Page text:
Sunday, June 30, 2019
Finally, brothers and sisters, rejoice. Aim for restoration, comfort one another, agree with one another, live in peace; and the God of love and peace with be with you. Greet one another with a holy kiss. All the saints greet you. The grace of the Lord Jesus Christ and the love of God and the fellowship of the Holy Spirit be with you all. ~ II Corinthians 13:11-14
New homeowners like us spend lots of time at home improvement stores, making a house functional and uniquely our own. Always lots of projects on the front end, and that’s how I met: Melvin. Retired from a career, he found new fulfillment at a huge home improvement retailer. I needed bolts and washers; Greg had sent me with samples so I couldn’t go astray (at least that was the theory), and I walked into Melvin’s aisle.
It was crowded. Lots of people wanted help finding, among the hundreds of little drawers of hardware, their particular needed bolt, screw, or nails. As each person came into his aisle, Melvin greeted them. He introduced himself. And although he had several customers, he kept us in mind and helped in order. He talked to us about our particular projects, while adding small talk that showed he was not just interested in making money. He found what I needed, then took time to show me how to measure and locate what I needed for future reference. He found my bolts, and when he saw the last package was already opened, he authorized a discount for me. As I left he said, “Be sure you come back and see me!” His smile, his warm welcome, his helpfulness, his showing me the ropes so I was at home in his world, all impressed me so much. And I thought, if churchy people behaved like this, more visitors would come back for seconds.
My recent forays into new churches have been illuminating. Some were friendly, some helpful, some welcoming, but in others no-one spoke to me except the pastor, and in one church I was actually invited to go elsewhere. Many asked for contact information, but few followed up. Where in the church are the Melvins?
What if when we walked into a new church, we met a Melvin? Someone who noticed us and greeted us immediately, someone who spoke to us before we spoke to them, someone who introduced themselves and showed us the ropes, gave us a little information about how things work at their worship service? What if we met someone who shared a little of their life, and showed an interest in ours? What if they asked what brought them to our church family? A Melvin at the door would go a long way to convince newcomers that we have what Paul describes here: rejoicing, restoration, comfort, love, peace, unity, grace, and fellowship. And what if, before we left, a Melvin made a point of saying, “Be sure you come back and see me.”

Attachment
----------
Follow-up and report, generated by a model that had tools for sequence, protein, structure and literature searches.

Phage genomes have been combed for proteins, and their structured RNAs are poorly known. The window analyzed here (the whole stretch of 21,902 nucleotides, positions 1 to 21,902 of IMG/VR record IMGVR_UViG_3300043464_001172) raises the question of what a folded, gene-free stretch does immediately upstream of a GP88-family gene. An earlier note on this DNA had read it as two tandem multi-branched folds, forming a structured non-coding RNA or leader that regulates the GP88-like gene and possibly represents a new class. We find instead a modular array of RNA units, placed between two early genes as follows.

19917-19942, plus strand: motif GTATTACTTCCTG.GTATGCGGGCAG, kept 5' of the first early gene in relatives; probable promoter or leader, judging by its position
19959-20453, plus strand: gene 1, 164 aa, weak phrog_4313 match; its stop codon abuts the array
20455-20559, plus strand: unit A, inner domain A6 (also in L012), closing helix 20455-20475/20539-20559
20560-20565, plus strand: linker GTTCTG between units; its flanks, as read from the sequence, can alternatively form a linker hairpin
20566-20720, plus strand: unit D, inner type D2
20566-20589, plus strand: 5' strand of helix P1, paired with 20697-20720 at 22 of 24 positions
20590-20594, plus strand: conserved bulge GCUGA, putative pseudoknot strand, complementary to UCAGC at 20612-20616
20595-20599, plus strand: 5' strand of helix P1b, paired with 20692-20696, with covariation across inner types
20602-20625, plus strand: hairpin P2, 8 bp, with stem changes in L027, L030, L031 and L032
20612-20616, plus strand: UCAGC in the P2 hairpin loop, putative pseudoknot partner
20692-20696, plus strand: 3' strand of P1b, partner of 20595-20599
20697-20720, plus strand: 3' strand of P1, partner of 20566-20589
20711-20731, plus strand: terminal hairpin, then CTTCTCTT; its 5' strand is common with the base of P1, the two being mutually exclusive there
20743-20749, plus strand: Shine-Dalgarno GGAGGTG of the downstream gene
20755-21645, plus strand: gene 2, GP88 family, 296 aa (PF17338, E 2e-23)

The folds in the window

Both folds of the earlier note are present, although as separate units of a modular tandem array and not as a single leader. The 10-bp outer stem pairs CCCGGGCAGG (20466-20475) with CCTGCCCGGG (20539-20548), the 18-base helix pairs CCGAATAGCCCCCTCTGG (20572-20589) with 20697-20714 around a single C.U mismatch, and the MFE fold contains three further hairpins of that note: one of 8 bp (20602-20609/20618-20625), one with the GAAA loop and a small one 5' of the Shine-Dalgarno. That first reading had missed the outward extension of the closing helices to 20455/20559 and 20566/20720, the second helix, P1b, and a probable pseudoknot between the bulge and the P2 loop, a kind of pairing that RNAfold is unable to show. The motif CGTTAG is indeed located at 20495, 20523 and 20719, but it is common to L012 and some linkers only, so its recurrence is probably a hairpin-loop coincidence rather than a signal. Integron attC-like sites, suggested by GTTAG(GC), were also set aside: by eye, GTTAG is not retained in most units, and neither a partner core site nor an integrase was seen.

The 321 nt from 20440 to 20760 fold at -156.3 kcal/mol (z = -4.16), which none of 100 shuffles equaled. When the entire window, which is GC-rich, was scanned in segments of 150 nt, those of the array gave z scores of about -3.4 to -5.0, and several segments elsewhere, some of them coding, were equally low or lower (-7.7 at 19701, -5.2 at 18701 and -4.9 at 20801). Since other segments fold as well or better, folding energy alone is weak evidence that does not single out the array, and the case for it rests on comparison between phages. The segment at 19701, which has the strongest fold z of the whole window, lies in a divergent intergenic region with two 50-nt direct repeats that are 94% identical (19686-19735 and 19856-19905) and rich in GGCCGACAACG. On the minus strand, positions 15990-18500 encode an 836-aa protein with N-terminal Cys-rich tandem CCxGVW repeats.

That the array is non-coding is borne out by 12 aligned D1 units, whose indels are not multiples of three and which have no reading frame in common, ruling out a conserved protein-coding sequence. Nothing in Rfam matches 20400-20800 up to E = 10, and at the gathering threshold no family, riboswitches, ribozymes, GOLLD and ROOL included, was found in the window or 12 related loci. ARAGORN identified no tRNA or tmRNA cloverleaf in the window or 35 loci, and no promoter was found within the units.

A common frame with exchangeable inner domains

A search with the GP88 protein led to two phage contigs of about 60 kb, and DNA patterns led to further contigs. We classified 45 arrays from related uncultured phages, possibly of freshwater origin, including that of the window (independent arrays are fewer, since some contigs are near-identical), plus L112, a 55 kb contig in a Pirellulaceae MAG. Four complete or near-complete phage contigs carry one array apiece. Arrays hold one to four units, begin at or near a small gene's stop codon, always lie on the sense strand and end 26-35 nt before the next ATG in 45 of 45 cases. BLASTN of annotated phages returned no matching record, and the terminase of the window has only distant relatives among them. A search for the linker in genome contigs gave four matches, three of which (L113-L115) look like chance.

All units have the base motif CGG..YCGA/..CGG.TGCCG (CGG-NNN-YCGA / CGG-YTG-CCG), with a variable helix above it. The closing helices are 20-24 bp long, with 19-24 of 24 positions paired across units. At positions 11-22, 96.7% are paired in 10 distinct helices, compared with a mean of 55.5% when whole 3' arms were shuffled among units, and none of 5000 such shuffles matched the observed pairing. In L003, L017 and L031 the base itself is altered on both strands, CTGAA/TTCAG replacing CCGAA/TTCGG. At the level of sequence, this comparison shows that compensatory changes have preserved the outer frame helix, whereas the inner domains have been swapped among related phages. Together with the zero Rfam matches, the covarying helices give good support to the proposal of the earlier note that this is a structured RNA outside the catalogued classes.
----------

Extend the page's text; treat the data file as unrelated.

Most visitors see pastors as professionals; paid to follow up. But if a regular member shows genuine interest, making a newcomer welcome in grand Melvin-style, then the likelihood of them returning soars astronomically. Even higher if Melvin follows up outside the church service and call or visit. If visitors trust you with their number, address, email, they should hear from the church that week. Then people will come back for seconds.
Most visitors are looking to belong; they are trying to find out if this is their church home, or if church has any value at all. Every church should have the aroma of home, a place where, even if we have never been there before, we feel wanted and welcomed. It’s not the worship style, it is the fellowship, the hallmarks of grace, of comfort and restoration, of love, peace, and joy lived out in community, a community that wants to expand to include anyone who walks in the door.
Are you called to be a Melvin in your church? Every church needs them, lots of them. Melvins at the door when people arrive, Melvins inside to share their lives and explain how things work, Melvins who will stop what they are doing to invest a few minutes with a stranger, Melvins on the way out to say, “Be sure you come back and see me!” And Melvins who will phone, visit, or email. (Don’t ask for contact information unless you plan to follow up). Melvins who invite people to church activities, include them, save them a seat, accompany them. That’s why people come back for seconds.